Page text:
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#CodeForClimate
Robust Building Codes Will Mitigate Climate Change Catastrophes

Creating, meeting, and exceeding robust building codes reduces property damage from natural disasters.

Improvements made to homes and buildings to protect from hazardous winds pays $5 in savings for every $1 spent, according to the Federal Emergency Management Agency (FEMA). Further research shows a 60% reduction in the severity of hurricane-related damage to homes built to stronger building code standards. Therefore, it is Eneref’s stance that manufacturers and specifiers of building enclosure components—including windows, doors, walls, roofs, framing, cladding, insulation and foundations—must be compelled to meet and exceed mandatory building codes. 

Strengthening the building envelope will prevent climate change catastrophes.

The growing number of property and casualty (P&C) insurance claims evidences our changing weather. Globally, North America has been the least profitable region for P&C insurance companies due to severe losses from 2017 natural climate catastrophes. Beyond the obvious life-safety benefits for building occupants, for property and casualty insurance companies, mandatory building codes—rigorously enforced—will go a long way to reducing costly policy claims.

125$ Billion

Hurricane Katrina

Hurricane Katrina

If stronger building codes had been in place, wind damages from Hurricane Katrina would have been reduced by 80%.

Hurricane Katrina $125 billion in property damage.

On July 18, 2019, Eneref Institute presented our “Code for Climate” argument to the media.

“Eneref calls for the creation of more robust building codes and encourages above-code construction.”

Read full text of letter.

What Actions Can We Take to Make a Difference?

What to Do
What to Say

Right now, we need to make unprecedented changes to ensure a sustainable and equitable society.

Eneref Institute advocates for the creation and enforcement of stricter building codes and encourages builders, architects, manufacturers and code officials to meet the minimum mandatory standards and even construct above-code.

You can also call your governing agencies to demand that the building codes for new construction projects in your area are secure and structurally sound against severe weather conditions to protect people and property.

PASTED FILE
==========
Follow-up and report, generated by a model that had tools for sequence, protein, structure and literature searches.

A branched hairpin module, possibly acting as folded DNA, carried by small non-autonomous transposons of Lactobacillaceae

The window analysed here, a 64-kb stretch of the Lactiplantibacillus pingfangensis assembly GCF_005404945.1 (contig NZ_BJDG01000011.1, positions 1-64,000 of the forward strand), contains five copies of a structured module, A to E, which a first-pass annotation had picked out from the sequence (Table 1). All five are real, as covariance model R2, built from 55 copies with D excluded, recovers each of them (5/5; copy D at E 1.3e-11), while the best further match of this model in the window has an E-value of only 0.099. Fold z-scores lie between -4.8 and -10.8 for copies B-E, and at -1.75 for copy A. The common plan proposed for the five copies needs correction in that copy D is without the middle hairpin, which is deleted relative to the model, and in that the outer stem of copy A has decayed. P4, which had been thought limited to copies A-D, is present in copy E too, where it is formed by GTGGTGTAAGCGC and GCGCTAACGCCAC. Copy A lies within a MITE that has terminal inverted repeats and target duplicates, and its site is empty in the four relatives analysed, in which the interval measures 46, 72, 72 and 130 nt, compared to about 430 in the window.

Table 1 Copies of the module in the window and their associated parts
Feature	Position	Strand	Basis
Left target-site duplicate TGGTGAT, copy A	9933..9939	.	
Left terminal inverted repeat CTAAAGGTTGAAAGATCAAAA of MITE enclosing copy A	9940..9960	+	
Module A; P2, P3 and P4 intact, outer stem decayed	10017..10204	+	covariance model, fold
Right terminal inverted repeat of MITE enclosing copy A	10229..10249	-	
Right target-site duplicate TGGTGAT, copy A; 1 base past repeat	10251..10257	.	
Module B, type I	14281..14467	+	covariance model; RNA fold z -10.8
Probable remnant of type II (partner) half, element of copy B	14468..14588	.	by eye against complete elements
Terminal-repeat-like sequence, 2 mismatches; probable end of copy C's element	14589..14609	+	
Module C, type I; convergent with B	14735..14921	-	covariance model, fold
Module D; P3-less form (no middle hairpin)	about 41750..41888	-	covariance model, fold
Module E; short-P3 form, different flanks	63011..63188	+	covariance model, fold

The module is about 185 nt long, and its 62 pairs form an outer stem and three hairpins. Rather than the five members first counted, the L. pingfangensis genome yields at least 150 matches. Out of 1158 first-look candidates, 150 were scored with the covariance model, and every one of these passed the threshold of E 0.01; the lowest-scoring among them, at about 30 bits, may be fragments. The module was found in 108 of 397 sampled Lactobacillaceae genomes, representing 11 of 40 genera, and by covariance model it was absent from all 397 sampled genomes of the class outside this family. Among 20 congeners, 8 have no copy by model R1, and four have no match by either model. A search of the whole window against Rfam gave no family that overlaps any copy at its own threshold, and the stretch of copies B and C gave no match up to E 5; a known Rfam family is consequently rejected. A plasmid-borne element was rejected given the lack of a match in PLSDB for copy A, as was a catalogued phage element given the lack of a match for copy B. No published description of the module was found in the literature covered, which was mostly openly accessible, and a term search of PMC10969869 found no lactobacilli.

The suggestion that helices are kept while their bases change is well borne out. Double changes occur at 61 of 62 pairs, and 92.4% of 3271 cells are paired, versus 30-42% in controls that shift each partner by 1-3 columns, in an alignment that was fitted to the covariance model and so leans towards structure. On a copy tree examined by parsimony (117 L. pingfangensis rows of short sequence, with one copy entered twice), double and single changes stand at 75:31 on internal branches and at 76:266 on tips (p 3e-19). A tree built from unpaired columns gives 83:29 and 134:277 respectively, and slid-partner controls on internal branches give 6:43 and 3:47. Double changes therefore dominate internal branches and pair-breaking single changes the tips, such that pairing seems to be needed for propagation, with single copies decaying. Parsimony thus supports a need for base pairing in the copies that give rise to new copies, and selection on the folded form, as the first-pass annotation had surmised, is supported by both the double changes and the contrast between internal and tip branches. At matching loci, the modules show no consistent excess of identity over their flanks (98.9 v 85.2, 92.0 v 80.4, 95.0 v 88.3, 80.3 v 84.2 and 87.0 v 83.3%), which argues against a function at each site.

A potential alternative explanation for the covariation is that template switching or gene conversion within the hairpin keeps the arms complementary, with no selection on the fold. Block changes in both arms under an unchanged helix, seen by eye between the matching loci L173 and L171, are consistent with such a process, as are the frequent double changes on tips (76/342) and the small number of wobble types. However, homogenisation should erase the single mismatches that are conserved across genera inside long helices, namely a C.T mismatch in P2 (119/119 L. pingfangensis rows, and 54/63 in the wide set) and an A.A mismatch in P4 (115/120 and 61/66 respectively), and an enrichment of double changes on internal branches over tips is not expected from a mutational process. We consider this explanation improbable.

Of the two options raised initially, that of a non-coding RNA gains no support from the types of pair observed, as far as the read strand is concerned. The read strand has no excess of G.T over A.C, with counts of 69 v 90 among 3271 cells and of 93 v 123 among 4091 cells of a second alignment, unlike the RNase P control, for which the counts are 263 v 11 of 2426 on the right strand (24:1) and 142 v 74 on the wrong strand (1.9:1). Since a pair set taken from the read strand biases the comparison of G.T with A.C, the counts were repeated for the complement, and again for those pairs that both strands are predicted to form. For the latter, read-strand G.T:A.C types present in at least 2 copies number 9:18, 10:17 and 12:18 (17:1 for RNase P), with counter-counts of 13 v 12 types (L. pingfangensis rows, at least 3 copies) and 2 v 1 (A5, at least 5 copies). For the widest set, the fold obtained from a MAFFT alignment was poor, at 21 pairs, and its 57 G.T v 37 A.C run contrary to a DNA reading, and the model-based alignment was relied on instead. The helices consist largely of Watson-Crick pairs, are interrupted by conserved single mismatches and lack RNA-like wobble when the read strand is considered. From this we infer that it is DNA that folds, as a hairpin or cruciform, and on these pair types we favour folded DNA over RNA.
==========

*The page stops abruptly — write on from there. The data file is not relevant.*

1. STRENGTHENING BUILDING CODES SAVES LIVES AND MONEY

    A more exhaustive look at building codes for building enclosure components (including windows, doors, walls, roofs, framing, cladding, insulation and foundations)—and better enforcement of existing codes—will speed up recovery after a weather event, prevent disruption to families and businesses, ease pressure on insurance companies and reduce the need for disaster assistance.

  2. CLIMATE CATASTROPHES ARE WORSENING

    The 2017 Hurricanes Harvey, Irma, Maria and Nate caused more than $250 billion in damage in the United States, according to the World Meteorological Organization (WMO). As storms increase in intensity, so will the damage that they inflict.

  3. SOME MANUFACTURERS ARE CUTTING CORNERS

    To sell less expensive construction products, some manufacturers avoid overhead costs associated with testing to guarantee that products perform at code. Damage during weather events is born by the homeowner or building owner, and ultimately the insurer.

  4. STRUCTURAL EFFICIENCY SHOULD NOT BE OVERLOOKED

    Despite the recently increasing number of weather events, many building codes today prioritize energy efficiency, or thermal rating, even at the cost of reduced structural safety. However, structural integrity for storm damage mitigation is just as important as energy efficiency.

  5. BUILDING CODES SHOULD RECOMMEND THE MOST EFFICIENT SYSTEMS

    Energy-efficient technology can significantly reduce global CO2 emissions, according to a 2016 US Department of Energy report. Therefore, for climate change mitigation, the installation of energy-efficient technology, such as inverter driven systems and skylights, should be a mandatory measure in home and building construction.